Growth of Chenopodium quiona Wild under Naturally Salt Affected Soils
Malaysian Journal of Sustainable Agriculture (MJSA)
Author: Muhammad Arshadullah, Muhammad Suhaib, RaheelBaber, Malik Usama, Badar-uz-Zaman, Imdad Ali Mahmood1and Syed, Ishtiaq Hyder
This is an open access article distributed under the Creative Commons Attribution License, which permits unrestricted use, distribution, and reproduction in any medium, provided the original work is properly cited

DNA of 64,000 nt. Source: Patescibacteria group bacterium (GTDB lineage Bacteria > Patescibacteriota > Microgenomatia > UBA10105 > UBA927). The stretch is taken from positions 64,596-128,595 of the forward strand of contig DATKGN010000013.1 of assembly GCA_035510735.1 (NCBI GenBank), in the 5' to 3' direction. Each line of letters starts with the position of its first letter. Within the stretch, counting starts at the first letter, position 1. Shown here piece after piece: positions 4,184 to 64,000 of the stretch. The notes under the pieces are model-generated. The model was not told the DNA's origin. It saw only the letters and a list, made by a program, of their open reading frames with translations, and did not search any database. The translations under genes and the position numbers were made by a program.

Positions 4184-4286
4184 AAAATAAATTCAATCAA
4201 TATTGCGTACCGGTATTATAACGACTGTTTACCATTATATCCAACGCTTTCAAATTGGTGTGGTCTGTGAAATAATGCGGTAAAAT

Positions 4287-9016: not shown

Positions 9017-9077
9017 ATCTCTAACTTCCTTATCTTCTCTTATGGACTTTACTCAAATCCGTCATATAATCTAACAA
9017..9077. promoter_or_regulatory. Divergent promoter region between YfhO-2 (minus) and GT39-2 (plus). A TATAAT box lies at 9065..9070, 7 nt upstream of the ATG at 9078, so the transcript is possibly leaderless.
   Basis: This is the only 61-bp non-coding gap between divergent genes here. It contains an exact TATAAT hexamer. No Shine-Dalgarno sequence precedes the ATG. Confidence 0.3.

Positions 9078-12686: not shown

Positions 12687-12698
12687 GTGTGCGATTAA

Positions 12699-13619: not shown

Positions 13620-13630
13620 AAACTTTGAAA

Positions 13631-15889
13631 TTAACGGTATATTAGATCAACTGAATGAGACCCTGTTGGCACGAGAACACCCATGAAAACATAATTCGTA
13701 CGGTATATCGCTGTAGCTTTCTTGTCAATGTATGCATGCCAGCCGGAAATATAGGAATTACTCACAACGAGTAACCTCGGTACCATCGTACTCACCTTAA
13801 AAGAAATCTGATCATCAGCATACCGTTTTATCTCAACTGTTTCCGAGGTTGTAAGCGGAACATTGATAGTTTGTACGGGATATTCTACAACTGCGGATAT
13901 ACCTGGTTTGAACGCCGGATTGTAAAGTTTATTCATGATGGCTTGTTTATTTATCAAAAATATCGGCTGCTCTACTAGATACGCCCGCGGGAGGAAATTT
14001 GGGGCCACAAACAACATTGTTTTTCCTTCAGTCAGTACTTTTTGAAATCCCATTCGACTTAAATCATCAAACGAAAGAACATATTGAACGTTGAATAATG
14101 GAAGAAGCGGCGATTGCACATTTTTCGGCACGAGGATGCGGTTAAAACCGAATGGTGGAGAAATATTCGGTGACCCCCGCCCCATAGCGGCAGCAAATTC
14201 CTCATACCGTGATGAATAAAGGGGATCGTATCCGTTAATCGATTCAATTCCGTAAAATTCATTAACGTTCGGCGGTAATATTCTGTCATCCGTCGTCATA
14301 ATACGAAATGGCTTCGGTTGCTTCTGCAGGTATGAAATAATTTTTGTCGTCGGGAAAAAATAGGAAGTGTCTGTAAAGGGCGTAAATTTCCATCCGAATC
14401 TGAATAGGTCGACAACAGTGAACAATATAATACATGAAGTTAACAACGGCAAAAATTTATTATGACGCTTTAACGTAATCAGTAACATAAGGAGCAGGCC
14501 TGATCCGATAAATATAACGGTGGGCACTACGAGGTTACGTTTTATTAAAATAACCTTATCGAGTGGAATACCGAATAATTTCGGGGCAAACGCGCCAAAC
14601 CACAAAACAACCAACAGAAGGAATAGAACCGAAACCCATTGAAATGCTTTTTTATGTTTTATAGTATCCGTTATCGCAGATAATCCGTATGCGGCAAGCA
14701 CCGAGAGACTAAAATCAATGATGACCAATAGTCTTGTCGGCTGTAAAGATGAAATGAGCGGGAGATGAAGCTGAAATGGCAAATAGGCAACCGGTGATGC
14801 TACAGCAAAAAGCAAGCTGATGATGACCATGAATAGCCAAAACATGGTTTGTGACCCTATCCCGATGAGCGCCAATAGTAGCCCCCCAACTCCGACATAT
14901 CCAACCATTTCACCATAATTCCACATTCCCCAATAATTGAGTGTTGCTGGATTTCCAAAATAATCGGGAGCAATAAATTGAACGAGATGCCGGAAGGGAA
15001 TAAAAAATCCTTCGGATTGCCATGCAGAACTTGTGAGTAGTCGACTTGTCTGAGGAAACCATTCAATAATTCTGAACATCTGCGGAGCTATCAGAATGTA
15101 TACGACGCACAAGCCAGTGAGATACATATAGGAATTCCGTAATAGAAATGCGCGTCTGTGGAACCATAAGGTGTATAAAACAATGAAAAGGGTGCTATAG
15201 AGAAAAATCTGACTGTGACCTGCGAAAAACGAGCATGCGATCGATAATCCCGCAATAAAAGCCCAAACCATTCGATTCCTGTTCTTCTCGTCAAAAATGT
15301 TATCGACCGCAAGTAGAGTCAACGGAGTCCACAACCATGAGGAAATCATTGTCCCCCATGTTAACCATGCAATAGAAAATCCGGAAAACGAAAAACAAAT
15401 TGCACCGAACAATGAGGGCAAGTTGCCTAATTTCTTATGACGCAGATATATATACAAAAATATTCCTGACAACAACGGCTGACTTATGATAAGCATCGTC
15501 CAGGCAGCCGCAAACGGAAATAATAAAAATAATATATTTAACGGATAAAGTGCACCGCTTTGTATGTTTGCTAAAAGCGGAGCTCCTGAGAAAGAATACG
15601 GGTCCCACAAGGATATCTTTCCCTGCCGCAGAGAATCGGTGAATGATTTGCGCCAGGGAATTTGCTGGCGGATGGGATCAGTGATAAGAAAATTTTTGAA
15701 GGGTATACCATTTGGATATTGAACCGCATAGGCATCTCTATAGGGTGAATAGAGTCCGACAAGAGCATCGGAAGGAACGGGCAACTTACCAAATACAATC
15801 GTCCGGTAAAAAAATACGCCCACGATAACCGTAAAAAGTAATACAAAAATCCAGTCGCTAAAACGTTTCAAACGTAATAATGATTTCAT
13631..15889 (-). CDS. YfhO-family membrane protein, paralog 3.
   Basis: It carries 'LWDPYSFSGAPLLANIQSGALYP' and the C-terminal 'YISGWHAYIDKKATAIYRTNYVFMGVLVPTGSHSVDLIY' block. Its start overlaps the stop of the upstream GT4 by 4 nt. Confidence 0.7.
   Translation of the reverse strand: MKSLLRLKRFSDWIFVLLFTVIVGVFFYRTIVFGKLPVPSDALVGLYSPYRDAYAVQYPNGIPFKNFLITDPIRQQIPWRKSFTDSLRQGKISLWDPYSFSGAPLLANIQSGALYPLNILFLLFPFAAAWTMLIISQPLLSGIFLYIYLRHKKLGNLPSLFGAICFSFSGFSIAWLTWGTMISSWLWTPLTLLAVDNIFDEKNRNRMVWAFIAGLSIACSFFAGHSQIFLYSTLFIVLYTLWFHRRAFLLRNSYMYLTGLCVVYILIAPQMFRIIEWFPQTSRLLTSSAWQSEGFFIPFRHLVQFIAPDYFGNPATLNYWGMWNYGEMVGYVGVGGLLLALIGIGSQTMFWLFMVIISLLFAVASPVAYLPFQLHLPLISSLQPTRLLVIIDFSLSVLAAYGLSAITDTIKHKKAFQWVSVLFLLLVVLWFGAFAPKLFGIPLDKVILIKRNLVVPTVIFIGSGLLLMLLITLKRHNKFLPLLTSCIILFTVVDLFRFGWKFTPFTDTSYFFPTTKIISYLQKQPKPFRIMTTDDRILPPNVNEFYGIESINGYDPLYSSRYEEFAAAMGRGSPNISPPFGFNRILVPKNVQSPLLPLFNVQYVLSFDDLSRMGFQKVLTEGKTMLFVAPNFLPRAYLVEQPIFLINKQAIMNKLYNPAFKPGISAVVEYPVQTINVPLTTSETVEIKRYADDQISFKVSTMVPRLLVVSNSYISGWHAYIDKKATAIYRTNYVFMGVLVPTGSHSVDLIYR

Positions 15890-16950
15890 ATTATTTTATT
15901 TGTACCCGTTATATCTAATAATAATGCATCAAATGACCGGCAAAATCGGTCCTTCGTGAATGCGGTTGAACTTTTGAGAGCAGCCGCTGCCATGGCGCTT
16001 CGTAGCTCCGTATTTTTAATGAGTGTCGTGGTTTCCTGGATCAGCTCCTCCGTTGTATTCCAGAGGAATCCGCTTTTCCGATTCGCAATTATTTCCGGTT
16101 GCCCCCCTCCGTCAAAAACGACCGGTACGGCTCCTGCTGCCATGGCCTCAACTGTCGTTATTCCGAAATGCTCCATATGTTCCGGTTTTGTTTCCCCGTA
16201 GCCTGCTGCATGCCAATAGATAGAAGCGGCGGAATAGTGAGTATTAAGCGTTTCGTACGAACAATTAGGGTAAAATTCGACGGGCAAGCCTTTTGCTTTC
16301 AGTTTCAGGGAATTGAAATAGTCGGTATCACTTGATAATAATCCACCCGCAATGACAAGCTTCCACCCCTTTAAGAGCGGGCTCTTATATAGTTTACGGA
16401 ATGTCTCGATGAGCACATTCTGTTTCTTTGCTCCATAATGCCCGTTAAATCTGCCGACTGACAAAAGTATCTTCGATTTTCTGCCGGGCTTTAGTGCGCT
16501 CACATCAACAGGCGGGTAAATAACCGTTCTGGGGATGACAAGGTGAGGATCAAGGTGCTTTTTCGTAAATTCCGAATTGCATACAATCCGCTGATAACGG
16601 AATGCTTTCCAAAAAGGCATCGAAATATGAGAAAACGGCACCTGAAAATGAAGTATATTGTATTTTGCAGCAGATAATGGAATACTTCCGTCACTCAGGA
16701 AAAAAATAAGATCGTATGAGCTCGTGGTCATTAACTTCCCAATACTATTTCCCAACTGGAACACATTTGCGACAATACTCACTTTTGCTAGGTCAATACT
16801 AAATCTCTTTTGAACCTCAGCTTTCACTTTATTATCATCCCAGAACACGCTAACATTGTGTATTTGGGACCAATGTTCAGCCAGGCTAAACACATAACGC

Salinity and sodicity is today one of the most shocking threat in the irrigated agriculture. Mostly this is an abiotic strain that influences germination and plant growth. Quinoa (Chenopodium quinoa Wild.) has garnered much attention in recent years because it is an excellent source of plant-based protein and is highly tolerance of soil salinity and sodicity. Protein content in most quinoa accessions has been reported to range from 12 to 17%, depending on variety, environment, and input sit is traditionally called the mother of grains having the potential to habitat under high saline sodic conditions environment. The aim of the present protocol was to investigate the germination and growth of quinoa plant under different naturally salt affected soils. Quiona weeds were sown in different salt affected soils comparing with a normal soil. A pot experiment was planned using randomized complete block design with three replicates. Non- significant results regarding germination among different naturally salt affected and normal soils was determined However germination percentage was reduced to 66.8 % by soil5 having (SAR= 37.2). In other words Quinoa seeds were germinated up to (SAR= 37.2). Results of Quinoa plant height, fresh weight, and dry weight after two weeks were significantly affected by different naturally salt affected and normal soils. This study revealed the quiona growth was inversely proportional to the sodium absorption ratio. Reduction in growth parameters was associated with increasing trend of SAR due to the presence of excessive salts in plant tissues.